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“With 6,000 people getting DNA samples from their dogs and mailing them to a centralized location and then filling out a website form detailing all the traits of their dog—that’s a game-changer for how genetics is being done in the 21st century,” Kristopher Irizarry, a geneticist with the College of Veterinary Medicine at Western University of Health Sciences, tells National Geographic ‘s Jazynka.

The benefits of having access to such huge troves of data go further than uncovering nifty insights into our canine companions. Scientists are also teaming up with at-home DNA test companies to learn more about human genetics and behavior. DNA Dogs Genetics New Research Recommended Videos

Are huskies the only dogs with blue eyes?

The “blue eye” variant – Many people associate blue eyes with the Siberian Husky, And that’s not a coincidence. Huskies are more likely than most pups to carry a variant in the ALX4 gene that causes blue eyes. Because this is a dominant trait, dogs with just one copy of the variant may have blue eyes. Why Do Huskies Have Blue Eyes Genetic variants may cause only one eye to be blue. Why do some dogs have only one blue eye? Genetic variants don’t always affect both eyes. As a result, dogs can end up with one blue eye and one eye of a different color. This trait is called heterochromia iridis, but it goes by many other names—including “odd eyes,” “split eyes,” and “broken glass eyes.”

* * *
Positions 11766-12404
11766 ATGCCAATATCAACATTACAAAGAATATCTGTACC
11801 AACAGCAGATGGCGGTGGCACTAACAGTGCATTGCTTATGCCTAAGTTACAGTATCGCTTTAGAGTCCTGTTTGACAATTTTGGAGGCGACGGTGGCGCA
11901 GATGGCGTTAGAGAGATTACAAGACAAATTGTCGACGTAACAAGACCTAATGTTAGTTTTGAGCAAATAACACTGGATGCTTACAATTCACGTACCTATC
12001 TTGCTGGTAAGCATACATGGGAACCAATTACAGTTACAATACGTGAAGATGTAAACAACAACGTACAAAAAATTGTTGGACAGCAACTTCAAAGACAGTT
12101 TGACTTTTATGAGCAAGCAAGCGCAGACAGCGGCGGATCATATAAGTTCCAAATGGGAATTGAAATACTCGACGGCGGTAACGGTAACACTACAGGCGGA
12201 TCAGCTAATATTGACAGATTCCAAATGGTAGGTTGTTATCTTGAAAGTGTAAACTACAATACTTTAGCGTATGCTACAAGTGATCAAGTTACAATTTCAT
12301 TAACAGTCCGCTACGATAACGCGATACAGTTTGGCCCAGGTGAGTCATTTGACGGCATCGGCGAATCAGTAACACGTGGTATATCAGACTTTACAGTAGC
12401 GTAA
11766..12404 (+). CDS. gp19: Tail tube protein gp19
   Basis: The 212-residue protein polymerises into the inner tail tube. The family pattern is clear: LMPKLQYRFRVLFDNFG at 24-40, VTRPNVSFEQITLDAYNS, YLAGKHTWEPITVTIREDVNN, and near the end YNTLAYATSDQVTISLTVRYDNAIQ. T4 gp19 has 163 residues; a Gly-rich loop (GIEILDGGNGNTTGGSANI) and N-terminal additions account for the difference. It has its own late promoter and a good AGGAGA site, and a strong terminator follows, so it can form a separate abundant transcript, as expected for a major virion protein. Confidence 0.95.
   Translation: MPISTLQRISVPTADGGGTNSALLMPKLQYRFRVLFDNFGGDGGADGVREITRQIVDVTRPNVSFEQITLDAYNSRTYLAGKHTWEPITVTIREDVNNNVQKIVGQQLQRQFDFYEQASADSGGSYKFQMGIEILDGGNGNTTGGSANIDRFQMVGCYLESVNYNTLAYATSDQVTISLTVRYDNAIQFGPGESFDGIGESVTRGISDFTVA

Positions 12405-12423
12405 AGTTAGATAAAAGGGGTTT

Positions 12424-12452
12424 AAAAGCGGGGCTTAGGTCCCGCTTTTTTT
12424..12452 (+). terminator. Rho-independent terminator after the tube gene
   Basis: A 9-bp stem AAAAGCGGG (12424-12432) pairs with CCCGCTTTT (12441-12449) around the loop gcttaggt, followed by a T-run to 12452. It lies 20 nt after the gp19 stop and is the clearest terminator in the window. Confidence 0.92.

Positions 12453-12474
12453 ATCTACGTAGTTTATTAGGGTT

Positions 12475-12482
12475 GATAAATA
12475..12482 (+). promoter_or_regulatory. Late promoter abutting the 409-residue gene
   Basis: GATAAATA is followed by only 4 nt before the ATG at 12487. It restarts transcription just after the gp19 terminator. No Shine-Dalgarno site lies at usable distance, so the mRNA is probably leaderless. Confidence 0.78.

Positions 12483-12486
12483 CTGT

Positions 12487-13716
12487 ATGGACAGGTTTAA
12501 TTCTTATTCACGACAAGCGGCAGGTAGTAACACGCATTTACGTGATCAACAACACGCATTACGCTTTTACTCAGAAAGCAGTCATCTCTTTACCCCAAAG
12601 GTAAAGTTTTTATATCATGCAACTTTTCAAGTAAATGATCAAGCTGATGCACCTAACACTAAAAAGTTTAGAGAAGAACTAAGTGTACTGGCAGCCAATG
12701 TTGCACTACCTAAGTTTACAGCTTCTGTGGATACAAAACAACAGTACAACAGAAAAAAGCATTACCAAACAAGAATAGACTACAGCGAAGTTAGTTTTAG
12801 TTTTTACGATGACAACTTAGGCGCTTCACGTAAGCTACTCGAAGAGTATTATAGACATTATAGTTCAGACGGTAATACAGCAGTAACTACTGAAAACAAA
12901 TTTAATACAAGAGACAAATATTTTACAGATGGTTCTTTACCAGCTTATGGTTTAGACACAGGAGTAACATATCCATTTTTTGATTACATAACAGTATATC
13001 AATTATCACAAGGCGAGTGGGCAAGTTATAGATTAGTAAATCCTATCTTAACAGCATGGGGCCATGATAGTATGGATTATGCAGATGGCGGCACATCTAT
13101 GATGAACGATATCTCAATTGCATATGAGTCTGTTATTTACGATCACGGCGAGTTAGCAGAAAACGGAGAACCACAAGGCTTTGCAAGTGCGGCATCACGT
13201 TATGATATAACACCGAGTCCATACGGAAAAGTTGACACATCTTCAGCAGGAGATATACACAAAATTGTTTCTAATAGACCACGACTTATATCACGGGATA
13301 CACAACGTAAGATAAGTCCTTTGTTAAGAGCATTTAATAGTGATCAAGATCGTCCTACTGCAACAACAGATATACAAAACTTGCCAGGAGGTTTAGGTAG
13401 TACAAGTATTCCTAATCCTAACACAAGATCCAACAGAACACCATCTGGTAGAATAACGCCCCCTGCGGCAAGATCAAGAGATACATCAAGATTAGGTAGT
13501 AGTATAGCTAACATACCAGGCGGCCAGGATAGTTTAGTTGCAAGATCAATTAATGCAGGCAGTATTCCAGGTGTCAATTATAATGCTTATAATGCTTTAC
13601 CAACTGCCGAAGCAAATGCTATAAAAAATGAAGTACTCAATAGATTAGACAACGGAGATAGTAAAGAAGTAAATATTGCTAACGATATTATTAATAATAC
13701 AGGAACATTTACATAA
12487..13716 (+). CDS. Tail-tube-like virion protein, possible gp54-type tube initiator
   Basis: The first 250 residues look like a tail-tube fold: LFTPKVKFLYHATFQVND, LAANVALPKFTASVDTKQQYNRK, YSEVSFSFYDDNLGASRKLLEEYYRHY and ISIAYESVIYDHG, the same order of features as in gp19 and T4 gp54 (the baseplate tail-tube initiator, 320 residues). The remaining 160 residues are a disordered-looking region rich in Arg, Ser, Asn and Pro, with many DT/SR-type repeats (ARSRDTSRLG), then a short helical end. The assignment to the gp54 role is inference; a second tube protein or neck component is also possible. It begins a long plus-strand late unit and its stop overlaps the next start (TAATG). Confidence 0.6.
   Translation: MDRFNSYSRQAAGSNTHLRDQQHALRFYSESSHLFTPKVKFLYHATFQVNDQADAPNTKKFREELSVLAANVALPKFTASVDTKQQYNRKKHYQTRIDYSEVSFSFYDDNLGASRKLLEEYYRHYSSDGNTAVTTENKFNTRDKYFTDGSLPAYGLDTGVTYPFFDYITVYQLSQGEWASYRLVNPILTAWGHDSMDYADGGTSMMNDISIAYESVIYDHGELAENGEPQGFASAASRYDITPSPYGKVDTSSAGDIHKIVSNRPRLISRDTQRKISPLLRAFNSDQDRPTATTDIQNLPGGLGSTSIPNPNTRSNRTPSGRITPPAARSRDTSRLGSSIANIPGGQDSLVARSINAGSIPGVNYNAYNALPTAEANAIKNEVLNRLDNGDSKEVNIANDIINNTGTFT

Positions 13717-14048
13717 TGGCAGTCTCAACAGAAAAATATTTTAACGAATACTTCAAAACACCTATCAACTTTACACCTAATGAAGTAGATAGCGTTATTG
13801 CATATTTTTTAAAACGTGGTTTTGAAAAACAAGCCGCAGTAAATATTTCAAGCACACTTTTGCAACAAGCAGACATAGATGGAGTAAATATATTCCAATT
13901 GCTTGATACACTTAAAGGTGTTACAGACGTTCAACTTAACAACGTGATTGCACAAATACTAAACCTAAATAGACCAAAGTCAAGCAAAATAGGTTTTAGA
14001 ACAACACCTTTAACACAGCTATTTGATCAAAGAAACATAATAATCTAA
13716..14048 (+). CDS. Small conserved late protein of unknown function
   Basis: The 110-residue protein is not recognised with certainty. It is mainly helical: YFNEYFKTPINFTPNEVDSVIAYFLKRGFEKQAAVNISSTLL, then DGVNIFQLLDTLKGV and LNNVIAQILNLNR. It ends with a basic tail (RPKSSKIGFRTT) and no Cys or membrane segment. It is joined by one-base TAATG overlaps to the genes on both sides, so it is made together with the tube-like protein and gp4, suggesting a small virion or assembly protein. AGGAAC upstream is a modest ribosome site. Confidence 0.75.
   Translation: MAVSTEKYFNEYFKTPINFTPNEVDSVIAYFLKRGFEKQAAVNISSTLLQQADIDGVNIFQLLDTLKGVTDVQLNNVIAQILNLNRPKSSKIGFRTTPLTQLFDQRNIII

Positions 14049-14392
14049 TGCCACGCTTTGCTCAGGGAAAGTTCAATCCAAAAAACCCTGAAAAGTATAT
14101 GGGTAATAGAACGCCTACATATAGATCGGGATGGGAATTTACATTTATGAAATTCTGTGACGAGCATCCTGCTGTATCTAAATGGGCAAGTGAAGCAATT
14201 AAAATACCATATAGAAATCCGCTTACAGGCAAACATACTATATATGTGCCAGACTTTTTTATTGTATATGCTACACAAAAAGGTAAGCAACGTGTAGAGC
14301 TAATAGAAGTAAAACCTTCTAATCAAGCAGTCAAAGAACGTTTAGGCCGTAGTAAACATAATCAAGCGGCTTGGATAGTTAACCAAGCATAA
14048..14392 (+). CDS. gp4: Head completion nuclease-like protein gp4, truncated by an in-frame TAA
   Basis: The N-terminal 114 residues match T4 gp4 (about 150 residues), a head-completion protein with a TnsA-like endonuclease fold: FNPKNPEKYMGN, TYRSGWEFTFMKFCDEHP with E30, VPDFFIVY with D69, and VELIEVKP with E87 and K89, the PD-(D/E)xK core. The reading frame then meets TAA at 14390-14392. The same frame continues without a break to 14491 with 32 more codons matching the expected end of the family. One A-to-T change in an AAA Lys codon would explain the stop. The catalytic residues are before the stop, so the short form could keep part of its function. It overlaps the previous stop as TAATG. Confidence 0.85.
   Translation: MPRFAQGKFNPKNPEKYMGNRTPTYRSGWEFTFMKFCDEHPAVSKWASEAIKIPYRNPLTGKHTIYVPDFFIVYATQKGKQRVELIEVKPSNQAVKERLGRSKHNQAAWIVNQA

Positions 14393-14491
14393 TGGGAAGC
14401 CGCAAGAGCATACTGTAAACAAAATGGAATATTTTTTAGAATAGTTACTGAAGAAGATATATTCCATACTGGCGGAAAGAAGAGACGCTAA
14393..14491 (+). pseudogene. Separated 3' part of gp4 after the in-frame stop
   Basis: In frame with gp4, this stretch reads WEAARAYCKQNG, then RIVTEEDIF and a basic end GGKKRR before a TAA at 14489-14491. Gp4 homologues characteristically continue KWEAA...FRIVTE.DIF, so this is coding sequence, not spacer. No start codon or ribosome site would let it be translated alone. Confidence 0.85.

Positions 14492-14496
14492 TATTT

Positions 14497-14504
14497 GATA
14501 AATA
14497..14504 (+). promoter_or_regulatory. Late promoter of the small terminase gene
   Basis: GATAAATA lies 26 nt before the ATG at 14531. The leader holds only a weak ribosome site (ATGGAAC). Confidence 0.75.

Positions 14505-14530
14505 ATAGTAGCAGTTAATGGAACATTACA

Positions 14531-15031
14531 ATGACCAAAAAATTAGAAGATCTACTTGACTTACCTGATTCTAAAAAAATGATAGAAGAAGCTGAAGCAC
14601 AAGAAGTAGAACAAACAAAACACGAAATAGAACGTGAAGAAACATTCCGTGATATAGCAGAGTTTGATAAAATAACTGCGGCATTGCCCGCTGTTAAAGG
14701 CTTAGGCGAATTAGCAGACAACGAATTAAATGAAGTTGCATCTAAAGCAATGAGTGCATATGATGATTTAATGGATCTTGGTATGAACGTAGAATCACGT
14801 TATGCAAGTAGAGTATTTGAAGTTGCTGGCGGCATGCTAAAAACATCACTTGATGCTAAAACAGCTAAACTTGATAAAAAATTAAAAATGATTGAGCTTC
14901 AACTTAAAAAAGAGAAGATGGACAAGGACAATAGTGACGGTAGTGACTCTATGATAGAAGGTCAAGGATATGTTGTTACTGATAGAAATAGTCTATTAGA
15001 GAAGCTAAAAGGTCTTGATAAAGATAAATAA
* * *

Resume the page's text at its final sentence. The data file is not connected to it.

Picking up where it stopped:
What is the rarest Husky eye color?

Huskies Can Have 1 or 2 Blue Eyes – Having eyes of two different colors is known as heterochromia. It is extremely rare in humans but occurs frequently in certain dog breeds, such as Huskies – but also Australian Shepherds and Border Collies, Parents with two blue eyes can produce offspring with mismatched eyes, or eyes that both have the same color. Why Do Huskies Have Blue Eyes

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Are Huskies dog or wolf?

The Siberian Husky is a medium-sized working sled dog breed. The breed belongs to the Spitz genetic family.

How smart is a Husky?

Many dog species excel in certain areas of intelligence over other dog breeds. But what about Siberian Huskies? According to Stanley Coren, a leading canine psychologist, huskies ranked 74th out of 138 dog breeds making them, according to Dr. Coren of average intelligence.

Do blue eyed Huskies go blind?

Are Blue Eyes In A Dog Bad? – Blue eyes in dogs are completely normal and aren’t linked with any health problems. Certain breeds, such as Siberian husky, carry a gene for blue eyes and don’t experience any vision defects because of it. However, eye diseases such as cataracts and glaucoma can change a dog’s eye color to blue gradually.

What is a group of Huskies called?